Charlie Brown keeps trusting in Lucy, and she keeps pulling away the football at the last minute. And still Charlie Brown comes back for more. Doesn’t he ever learn? What would it take for him to see that his trust is misplaced?
This is how God belief works. Christians assure themselves that God exists, and maybe they have a special experience or feeling that reassures them that they’ve backed the right horse. But then there’s that tempting call to connect with the external world and provide evidence that the belief is firmly grounded. Like Lucy with the football, they’re often disappointed when the evidence doesn’t stand up.
Here’s a common example of Christian “evidence”: when you pray and get what you wanted, then God did it. When you don’t get what you wanted, God did that too.
If I point to puppies, sunsets, and other good things in life, the Christian might say it’s because God is a perfect designer. If I point to cancer, tsunamis, and other bad things, that’s because of the Fall. God can’t lose.
When something good happens, that’s God’s gentle and loving hand taking care of his special people. But when something bad happens, that’s God testing us or improving us.
There’s a snappy answer or rationalization for every situation. If God’s existence is always a given, then we’re going to bend the reality to fit that assumption. But no one approaches truth that way in any other sector of life. We don’t start with an assumption and then try to twist the facts to support it. It’s the other way around: we start with the facts and ask what the most reasonable explanation is.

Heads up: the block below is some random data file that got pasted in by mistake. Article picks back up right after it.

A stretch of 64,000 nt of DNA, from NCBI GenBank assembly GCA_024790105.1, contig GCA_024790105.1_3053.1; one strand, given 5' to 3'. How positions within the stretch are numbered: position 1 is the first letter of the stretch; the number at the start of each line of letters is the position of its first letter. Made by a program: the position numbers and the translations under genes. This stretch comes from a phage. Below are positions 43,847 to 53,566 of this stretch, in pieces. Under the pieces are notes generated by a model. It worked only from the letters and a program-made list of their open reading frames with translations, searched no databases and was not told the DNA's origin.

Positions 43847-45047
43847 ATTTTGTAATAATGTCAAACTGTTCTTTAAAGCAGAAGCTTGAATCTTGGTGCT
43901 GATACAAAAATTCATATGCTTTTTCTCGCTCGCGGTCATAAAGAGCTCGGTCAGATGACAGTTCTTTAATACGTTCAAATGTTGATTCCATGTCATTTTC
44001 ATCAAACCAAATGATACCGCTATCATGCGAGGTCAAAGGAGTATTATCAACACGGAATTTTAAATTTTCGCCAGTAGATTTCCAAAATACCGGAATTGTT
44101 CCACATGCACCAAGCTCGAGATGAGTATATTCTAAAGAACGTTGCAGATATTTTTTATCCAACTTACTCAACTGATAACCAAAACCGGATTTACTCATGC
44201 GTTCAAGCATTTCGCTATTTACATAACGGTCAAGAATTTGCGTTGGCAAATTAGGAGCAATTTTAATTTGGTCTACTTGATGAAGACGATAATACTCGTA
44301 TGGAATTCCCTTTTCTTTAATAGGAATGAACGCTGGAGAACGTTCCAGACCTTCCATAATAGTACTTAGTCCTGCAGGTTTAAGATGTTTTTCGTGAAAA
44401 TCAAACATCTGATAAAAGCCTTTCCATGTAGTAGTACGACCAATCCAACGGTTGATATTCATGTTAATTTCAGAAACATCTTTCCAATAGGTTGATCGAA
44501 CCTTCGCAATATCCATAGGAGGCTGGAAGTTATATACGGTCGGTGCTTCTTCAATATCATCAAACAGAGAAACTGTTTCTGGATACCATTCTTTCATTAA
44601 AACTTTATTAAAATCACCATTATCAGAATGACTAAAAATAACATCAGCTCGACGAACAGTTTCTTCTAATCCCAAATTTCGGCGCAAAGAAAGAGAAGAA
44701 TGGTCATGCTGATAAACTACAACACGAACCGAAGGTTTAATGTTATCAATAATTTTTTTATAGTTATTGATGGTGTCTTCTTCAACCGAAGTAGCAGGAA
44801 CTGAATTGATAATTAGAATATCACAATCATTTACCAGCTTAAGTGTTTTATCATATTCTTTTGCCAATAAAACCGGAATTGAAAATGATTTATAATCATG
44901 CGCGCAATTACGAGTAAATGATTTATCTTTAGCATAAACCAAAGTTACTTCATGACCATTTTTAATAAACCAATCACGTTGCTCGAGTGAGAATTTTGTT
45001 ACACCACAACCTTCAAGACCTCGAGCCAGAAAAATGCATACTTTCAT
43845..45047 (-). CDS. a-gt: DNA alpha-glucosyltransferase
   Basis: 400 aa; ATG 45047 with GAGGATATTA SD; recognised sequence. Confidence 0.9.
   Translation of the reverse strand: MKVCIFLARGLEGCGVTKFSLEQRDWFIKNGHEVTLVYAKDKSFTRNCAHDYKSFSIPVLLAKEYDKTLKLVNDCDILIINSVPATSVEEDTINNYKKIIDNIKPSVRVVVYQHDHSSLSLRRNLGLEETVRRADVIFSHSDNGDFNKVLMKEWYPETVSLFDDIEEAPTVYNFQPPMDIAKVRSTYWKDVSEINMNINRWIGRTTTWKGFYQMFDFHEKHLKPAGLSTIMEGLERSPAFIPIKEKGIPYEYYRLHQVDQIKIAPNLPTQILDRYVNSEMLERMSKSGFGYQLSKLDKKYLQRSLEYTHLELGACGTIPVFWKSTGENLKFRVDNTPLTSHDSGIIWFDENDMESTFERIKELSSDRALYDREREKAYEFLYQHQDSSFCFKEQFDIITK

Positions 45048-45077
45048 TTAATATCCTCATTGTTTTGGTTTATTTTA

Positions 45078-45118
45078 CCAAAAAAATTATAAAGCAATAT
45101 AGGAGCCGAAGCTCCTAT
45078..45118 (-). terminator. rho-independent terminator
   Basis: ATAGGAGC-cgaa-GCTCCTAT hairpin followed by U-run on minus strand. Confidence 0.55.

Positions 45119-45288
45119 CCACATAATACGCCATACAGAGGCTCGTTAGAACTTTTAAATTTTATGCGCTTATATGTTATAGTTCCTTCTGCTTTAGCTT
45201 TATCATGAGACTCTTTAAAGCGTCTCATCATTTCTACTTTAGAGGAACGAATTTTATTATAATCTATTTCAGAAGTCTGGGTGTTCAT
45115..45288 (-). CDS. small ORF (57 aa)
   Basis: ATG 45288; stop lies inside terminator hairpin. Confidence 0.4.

To any Christian reading this, what would it take for you to see Christianity as false? What would it take for you to see that God doesn’t exist?
I’ve talked to lots of Christians who say that they do demand evidence, and that they would go where the evidence points. I have my doubts—I think that for many of them belief comes first and evidence is marshaled after the fact to support this presupposition— but let’s leave that for now.
I’ve also talked to Christians who admit that nothing would change their minds. That is, they can’t (or refuse to) imagine anything that could remove faith from their lives. Christianity is then the ultimate unfalsifiable hypothesis—“ultimate” because God is the most fantastic thing imaginable and “unfalsifiable” because for many believers, nothing will change their minds.
What does Craig think now? Does the skeptics’ explanation that the gospels were just the end point of 40 years of oral history within a gullible and pre-scientific culture begin to sound pretty good?
[William Lane Craig] told me, face to face, that he would still believe in Jesus, he would still believe in the resurrection, and he would still remain a Christian. When asked, in light of his being a personal eyewitness to the fact that there was no resurrection, he replied that due to the witness of the “holy spirit” within him, he would assume a trick of some sort had been played on him while watching Jesus’ tomb.
Some people are beyond evidence. Christianity for them is like the T-1000 in Terminator 2, the liquid metal robot that takes a beating and then reshapes itself after an injury to continue its rampage.
Consider a much more wholesome attitude toward evidence. Artificial intelligence pioneer Marvin Minsky said, “As scientists, we like to make our theories as delicate and fragile as possible. We like to arrange things so that if the slightest thing goes wrong, everything will collapse at once!”
Scientists want their theories to collapse if they’re wrong. If they’re wrong, they want to know it. Imagine a world where all Christians were this eager to understand reality, where they followed the evidence where it led rather than making their worldview unfalsifiable.
You can’t rationally argue out
what wasn’t rationally argued in.
— credited to George Bernard Shaw